A document is one of the most critical means of communicating with customers, and it often contains extremely personal information. This can apply to any industry, but especially finance, healthcare or insurance. So it's important to know if your mailing operations and processes are compliant.
When you are "in compliance" your business is meeting regulations and standards on the handling of customer data and communications. Over the years, regulations for customer communications have become more complicated, as well as increasingly difficult and costly to manage. Currently, many companies have added temporary compliance solutions in the form of labor-intensive processes and have not yet created an efficient workflow with compliance in mind. Below we go over some of the compliance rules you should be aware of and how your business can adapt!
The Health Insurance Portability and Accountability Act (HIPAA) is a federal law that was enacted in 1996 to establish and protect privacy in the healthcare industry. HIPAA affects healthcare providers, health plans and healthcare clearinghouses, as well as companies that work with healthcare providers and might handle their patients' sensitive information. This includes financial or insurance professionals that work with U.S. healthcare providers. In order to avoid violating HIPPA laws, companies need to protect any Personal Health Information (PHI) that could help someone determine a person's identity, including their name, email address, and birthdate.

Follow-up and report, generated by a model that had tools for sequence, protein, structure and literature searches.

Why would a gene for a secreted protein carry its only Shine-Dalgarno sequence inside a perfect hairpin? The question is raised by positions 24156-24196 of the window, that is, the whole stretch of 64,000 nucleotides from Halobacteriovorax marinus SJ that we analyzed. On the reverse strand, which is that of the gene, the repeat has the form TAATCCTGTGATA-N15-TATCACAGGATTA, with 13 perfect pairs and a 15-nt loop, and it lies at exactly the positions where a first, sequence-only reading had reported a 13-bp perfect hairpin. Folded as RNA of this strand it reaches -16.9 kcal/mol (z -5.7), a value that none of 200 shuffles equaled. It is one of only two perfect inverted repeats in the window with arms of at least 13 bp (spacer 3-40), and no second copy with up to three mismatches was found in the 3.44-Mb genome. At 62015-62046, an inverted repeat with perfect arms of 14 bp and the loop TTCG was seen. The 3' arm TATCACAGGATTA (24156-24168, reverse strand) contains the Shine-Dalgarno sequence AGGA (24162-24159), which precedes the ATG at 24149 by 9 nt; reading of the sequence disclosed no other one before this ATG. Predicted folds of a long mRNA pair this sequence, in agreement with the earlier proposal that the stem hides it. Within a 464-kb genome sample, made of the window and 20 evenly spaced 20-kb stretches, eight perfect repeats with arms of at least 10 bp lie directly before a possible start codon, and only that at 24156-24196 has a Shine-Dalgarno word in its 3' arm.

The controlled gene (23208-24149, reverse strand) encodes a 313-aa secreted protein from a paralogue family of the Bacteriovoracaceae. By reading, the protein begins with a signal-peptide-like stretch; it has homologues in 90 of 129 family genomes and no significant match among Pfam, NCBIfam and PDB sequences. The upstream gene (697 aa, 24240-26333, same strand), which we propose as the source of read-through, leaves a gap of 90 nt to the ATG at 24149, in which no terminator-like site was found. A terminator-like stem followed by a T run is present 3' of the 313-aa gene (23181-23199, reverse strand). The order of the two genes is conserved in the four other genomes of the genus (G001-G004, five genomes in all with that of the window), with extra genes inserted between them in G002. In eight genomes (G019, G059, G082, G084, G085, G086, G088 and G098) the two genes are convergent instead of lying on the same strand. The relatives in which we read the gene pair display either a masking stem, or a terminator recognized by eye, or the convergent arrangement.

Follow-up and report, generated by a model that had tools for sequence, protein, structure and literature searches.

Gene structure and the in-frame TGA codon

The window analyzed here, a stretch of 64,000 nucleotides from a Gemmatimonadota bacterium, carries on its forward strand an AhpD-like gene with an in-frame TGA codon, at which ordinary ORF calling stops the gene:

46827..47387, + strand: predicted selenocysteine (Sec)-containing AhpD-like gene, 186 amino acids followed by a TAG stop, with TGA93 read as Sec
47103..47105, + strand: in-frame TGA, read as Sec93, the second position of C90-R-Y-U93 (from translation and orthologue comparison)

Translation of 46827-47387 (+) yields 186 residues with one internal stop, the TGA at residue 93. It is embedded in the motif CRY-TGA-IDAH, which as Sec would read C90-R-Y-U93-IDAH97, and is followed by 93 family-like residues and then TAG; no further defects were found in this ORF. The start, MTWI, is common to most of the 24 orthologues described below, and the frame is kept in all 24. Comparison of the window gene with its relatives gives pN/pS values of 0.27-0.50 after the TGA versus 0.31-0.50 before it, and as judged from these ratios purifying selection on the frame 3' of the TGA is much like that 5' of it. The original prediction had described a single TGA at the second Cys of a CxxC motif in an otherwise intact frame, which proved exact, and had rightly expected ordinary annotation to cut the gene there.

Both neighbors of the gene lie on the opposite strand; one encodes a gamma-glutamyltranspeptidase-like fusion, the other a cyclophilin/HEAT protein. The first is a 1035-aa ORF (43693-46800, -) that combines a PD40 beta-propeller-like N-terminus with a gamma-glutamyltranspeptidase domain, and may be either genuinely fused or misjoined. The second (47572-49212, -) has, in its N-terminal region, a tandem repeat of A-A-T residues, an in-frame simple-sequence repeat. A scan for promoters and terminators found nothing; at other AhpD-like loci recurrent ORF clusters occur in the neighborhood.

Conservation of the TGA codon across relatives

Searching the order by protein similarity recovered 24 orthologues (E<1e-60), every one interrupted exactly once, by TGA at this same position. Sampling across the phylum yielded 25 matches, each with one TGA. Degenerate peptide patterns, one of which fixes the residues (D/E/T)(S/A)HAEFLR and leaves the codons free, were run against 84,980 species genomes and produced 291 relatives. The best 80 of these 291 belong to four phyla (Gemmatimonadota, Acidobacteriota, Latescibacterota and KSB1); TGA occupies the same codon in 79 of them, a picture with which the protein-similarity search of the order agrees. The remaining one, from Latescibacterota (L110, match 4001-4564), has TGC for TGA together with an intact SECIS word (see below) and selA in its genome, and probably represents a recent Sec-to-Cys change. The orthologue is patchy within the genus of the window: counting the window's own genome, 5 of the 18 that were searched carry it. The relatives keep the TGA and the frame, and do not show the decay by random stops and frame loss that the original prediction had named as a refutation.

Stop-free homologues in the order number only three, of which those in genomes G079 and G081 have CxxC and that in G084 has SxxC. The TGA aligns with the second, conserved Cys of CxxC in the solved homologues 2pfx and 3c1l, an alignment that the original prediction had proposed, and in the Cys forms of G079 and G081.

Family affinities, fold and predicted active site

Most importantly, the delivery methods of customer communications in the healthcare industry have to meet certain compliance standards. For example, if you send PHI by email, you need to use an email encryption service that disguises the information so it is only read by the authorized recipient. If you are sending PHI through the U.S. mail, which is often the most common form of delivery, you also have requirements. You can send it via First-Class Mail® which is a protected class of mail and acceptable for certain types of notices. In some cases, Certified Mail is necessary because it proves that the mail was delivered and verified when it was received.
Because being in compliance is an important and complex process that can involve fines ranging from $100 to $50,000 per penalty it is recommended to consult with an expert. This can be a mailing compliance specialist or healthcare compliance professionals, that can analyze your current workflow and suggest ways to improve and streamline the compliance process. This ensures that whether you are healthcare providers or even a business provider or associate of a healthcare provider that your mailing process is efficient and compliant.
To learn more about outgoing mail compliance in your industry or to speak to a compliance specialist contact your Quadient Representative. They can put you in touch with an expert. Or ask to speak to a specialist, and we'll contact you shortly!